Home' InDaily : June 17th 2010 Contents Vol21No5June2010|5
Explosives research could finger terrorists
Peroxide used in London bombings
New techniques for tracking bomb-making
materials, and possibly pointing the way
towards the terrorists themselves, are
being researched at Flinders University.
University, defence and government officials
discussed the latest developments in this
field at a recent National Security Research
Information University Workshop, organised
by the Department of Prime Minister and
Cabinet and hosted by the University.
Organic peroxides are increasingly being
used as the explosive of choice by terrorists
because they can be easily prepared and do
not require 'off the shelf purchases' which
run the risk of detection.
However, researchers at Flinders have
found that tell-tale evidence can be tracked
through material which has survived the
explosion and can point to the source
material which could be a substance like
hydrogen peroxide that is used, amongst
other purposes, by hairdressers as bleach.
Associate Professor Stewart Walker,
Associate Professor in Forensic and
Analytical Chemistry at Flinders University,
said bombs based on organic peroxides
-- which were used in the London transit
system bombings in 2005 and the foiled
plot to destroy trans-Atlantic airliners in
2006 -- could contain impurities in the
"starter material" that can be used to
identify the source of the explosive.
"These impurities may serve as markers for
the identification of the starting materials
and batches of explosives for evidence or
intelligence purposes, in a similar manner
to that established for illicit drug analysis,"
Associate Professor Walker told
"Identifying the starter material gives you
an opportunity to find a chemical
fingerprint which could then lead you to a
source of that material or establish a
pattern of use which could also help
identify the user," he said.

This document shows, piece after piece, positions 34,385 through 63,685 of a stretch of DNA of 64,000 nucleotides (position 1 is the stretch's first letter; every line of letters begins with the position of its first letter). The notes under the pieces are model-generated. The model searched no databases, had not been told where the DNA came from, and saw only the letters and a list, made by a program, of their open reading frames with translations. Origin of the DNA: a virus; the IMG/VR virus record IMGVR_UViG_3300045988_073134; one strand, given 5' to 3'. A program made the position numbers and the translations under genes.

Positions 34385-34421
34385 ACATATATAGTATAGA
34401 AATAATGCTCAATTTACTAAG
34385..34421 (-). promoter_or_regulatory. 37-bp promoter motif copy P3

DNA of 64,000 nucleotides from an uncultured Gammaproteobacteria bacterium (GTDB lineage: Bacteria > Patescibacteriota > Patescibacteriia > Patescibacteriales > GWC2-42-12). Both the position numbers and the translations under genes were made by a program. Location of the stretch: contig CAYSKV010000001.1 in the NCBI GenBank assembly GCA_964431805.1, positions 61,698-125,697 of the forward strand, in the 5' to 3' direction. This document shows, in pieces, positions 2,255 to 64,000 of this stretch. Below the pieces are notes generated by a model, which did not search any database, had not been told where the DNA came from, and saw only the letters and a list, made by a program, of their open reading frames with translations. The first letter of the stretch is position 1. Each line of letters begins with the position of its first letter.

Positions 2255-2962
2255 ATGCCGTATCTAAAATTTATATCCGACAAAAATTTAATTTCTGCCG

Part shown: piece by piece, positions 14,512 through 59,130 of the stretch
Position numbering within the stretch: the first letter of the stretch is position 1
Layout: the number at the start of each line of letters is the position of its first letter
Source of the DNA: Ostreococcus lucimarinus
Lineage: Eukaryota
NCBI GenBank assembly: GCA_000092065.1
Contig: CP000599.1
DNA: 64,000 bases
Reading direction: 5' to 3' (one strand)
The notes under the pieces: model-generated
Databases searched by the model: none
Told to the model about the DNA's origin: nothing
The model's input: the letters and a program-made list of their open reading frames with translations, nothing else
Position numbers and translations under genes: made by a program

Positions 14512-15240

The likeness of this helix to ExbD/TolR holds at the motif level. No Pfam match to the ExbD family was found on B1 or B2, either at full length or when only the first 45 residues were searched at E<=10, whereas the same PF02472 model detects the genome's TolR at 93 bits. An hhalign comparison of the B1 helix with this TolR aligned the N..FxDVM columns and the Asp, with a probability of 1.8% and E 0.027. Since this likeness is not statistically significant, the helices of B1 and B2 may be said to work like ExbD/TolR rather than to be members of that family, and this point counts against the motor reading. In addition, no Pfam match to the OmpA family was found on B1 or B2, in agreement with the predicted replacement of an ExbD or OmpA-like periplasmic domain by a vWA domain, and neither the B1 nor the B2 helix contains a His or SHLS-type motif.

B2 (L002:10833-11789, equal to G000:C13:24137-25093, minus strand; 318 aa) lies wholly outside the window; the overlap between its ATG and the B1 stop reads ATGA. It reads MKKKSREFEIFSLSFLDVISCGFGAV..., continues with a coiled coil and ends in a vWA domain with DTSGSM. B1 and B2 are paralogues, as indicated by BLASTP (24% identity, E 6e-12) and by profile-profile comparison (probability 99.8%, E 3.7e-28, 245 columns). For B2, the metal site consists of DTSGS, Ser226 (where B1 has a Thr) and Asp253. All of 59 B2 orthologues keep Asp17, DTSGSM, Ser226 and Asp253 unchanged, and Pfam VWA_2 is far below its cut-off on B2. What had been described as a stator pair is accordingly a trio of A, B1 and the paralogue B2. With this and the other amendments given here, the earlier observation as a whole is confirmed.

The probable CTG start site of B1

"The research being undertaken at Flinders
has the potential to make a contribution
towards fighting the war on terror."
The workshop also heard from Flinders
researchers who are developing
Autonomous Underwater Vehicles that
could improve the success rates of
operations such as those currently
underway to plug the oil leak in the
Gulf of Mexico.
Molecular Technologies Research Cluster
Mr Paul Kenny
Within its 1300 pages and 138
recommendations, the Henry review of
taxation provides current and future
governments with a blueprint to broaden
the national tax base and to substantially
increase revenue, according to Mr Paul Kenny,
lecturer in the Flinders Business School.
What happens next is up to the politicians.
"It leaves lots of choices up to the
government of the day," Mr Kenny said.
Henry's menu for broader tax raises questions
With growing health costs associated with
the ageing population and other rising
infrastructure costs, Mr Kenny said there is
a strong argument that increased taxes are
needed to improve public goods and
services, or simply to maintain them. He
sees the resource super profits tax, even
with returns through reduced company
tax, as a signal of the government's
intentions to increase revenue.
There are still fundamental questions to be
decided about what sort of publicly funded
system Australia is willing to underwrite,
Mr Kenny said.
"When we look to other OECD countries,
does the community want superb health
and social security systems like the
Scandanavian countries or are we content
with something that more closely
resembles the US?"
Mr Kenny said that Australia has had a
fairly constant tax rate in terms of
percentage of GDP, but he believes a higher
rate, achieved through means such as the
mining super tax, would be acceptable to
most people if it produced better
Mr Kenny does concede that the super tax
may temporarily make Australia less
competitive against other countries, but
believes that the international situation
will even out over time.
At the other end of the tax scale, Mr Kenny
said the government's acceptance of the
recommendation to introduce standard
deductions for workers was "a winner",
bringing much needed simplification by
eliminating thousands of people from an
overly complex system. But there are still
major issues for Australia's taxation
system, Mr Kenny said.
"Why, for instance, are we still giving
millions and millions of dollars in tax
concessions and exemptions to high
income earners? In effect, they are
undermining the system, and this has a
cascading effect with everyone else in the
system trying to minimise their tax. We
need to change the culture, and means
testing concessions would seem a good
place to start."
Links Archive June 16th 2010 June 18th 2010 Navigation Previous Page Next Page